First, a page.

We have conducted an interview, which we would like to share, as an introduction to what your participation as lecturers of the Cannaciencia Symposium will be on the next 20 and 21 April 2018 in the city of Bogotá.
RM: Ricardo Martínez Rivadeneira – PM: Paul Mavor
RM: What do you consider the critical success factors of the medicinal cannabis industry in Australia?
PM: We are a very new industry compared to other countries who have been doing this for a while. It is important to look at other countries such as the US, Canada and Israel and see what has worked and what has not. Our government has followed very closely and tried to implement a good framework for success. As a result there is lots of interest in research projects by scientists and support from the government. This will hopefully benefit us in the long run.
RM: What have been the main achievements of the Australian medicinal cannabis industry to date?
PM: We became legal in November 2016
First imported (Canadian) products arrived May 2017
A number of growing/manufacture/research licenses have been issued
Our government has also just allowed Australian companies to export our products once they come online
RM: At this time, what are the main future challenges for the medicinal cannabis industry in Australia?
PM: The big challenge at this stage is patient access. The bar has been set very high for doctors to write prescriptions and involves a lot of paperwork. Federally we have a very good system. Unfortunately our local state health departments who were in charge of banning cannabis have implemented a very difficult system. This will hopefully change over time.
RM: What recommendations would you give to the nascent medicinal cannabis industry in Colombia?
PM: We are still very your ourselves so are looking to other countries and what has worked well. Australia has adopted a very strict medical system. I think this is important moving forward as whilst it is slow to begin with rigorous testing and research in the long run it will make for a better more sought after product. In most all cases in the US and Canada it has been legalised as a very medical industry this has worked well and then a number of years down the track the authorities have relaxed the laws to make patient access easier.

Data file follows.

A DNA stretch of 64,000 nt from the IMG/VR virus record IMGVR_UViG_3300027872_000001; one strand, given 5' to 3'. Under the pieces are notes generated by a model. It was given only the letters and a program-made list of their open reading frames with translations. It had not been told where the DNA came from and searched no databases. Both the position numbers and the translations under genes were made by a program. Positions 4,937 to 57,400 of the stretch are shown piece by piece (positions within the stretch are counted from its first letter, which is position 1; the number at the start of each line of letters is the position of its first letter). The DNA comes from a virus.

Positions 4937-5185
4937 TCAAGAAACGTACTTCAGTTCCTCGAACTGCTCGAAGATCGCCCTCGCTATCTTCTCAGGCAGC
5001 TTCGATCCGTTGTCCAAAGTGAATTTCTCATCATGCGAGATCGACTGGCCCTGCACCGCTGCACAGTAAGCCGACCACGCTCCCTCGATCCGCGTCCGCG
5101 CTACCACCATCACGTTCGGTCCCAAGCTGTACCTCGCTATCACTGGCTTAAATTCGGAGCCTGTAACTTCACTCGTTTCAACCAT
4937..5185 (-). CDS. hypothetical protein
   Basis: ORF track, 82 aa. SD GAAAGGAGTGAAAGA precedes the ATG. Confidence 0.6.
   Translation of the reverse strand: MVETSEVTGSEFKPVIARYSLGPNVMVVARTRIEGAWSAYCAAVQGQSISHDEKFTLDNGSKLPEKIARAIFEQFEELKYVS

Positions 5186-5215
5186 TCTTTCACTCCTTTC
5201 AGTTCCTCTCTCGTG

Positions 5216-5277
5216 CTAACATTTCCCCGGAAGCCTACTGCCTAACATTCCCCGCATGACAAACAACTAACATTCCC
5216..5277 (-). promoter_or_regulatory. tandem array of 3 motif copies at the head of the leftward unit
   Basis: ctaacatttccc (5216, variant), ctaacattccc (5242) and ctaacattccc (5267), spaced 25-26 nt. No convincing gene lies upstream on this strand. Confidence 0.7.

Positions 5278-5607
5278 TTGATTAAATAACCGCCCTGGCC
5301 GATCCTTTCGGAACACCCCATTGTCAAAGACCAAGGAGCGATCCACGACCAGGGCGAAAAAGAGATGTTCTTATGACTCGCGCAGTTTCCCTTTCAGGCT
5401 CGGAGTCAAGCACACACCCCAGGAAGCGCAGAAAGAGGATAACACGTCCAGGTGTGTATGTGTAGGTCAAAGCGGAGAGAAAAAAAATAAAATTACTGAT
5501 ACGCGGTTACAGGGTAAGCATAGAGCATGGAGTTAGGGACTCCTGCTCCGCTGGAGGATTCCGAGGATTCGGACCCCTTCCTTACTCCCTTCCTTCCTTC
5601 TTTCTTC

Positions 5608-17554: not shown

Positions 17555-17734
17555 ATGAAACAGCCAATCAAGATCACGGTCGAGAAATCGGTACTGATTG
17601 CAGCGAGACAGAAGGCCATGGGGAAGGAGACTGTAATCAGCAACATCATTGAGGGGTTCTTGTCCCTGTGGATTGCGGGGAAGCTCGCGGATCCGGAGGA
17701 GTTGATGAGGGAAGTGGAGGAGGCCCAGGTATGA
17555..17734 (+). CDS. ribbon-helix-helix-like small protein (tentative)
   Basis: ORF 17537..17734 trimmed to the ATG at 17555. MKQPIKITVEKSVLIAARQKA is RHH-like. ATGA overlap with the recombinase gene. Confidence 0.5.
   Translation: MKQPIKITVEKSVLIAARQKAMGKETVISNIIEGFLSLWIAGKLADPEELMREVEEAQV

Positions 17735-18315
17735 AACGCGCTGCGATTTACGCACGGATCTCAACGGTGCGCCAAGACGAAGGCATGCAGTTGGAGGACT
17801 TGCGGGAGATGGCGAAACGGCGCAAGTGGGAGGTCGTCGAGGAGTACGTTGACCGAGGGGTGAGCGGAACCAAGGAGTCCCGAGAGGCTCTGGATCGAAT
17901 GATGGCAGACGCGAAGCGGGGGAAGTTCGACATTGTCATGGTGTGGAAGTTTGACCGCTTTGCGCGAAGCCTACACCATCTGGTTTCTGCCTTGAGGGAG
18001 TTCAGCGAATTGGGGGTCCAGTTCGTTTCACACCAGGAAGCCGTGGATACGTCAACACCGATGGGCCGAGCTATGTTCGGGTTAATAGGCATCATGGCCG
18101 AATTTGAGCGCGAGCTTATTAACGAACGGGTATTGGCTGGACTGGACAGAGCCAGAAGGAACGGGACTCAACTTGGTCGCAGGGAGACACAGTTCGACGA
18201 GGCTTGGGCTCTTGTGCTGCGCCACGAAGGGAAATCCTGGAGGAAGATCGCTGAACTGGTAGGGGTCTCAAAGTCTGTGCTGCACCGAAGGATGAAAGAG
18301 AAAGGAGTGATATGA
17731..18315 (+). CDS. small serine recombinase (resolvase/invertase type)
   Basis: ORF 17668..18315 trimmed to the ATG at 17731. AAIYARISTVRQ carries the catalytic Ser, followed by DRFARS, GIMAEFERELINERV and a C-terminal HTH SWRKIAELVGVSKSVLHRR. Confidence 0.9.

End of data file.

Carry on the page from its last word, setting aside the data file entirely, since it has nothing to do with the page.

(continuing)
RM: What has it meant for you to be the pioneers of the medicinal cannabis industry in Australia?
PM: This is a really progressive industry to be involved in and things are moving very fast. We are really excited to be able to travel within our country and overseas (especially Colombia!) and attend conferences and talk about this. Most of the people involved in this industry tend to be very forward thinking and progressive. Things change on a daily basis so we constantly have to keep up to date.
RM: What are you recommendations about analytical testing for the emerging industry in Colombia?
PM: We learnt very early on that testing of cannabis for potency and purity is key. There were a lot of disappointed people who were just hoping to grow their cannabis and sell it. This might be okay when you are growing it for yourself but when you are supplying a product to others you need to fulfil some key obligations and make sure the product is what is stated. The cannabis plant is generally very safe but the plant itself is a bio-accumulator and absorbs everything in the soil. When the flower is extracted and concentrated this may also concentrate any contaminants such as pesticides or heavy metals. There have been issues in the US and Canada where sample testing has shown a few shortcuts were taken in the production process and we have learnt from that. Testing is important for consumer confidence. It would be no different if we were making any product sold to the pubic even bottled water. If there were any problems it could affect our entire industry.
We thank Paul Mavor for this interview, we are close to listening to his conference at the Cannaciencia Symposium, we invite you to register and not miss the opportunity to learn from Paul Mavor.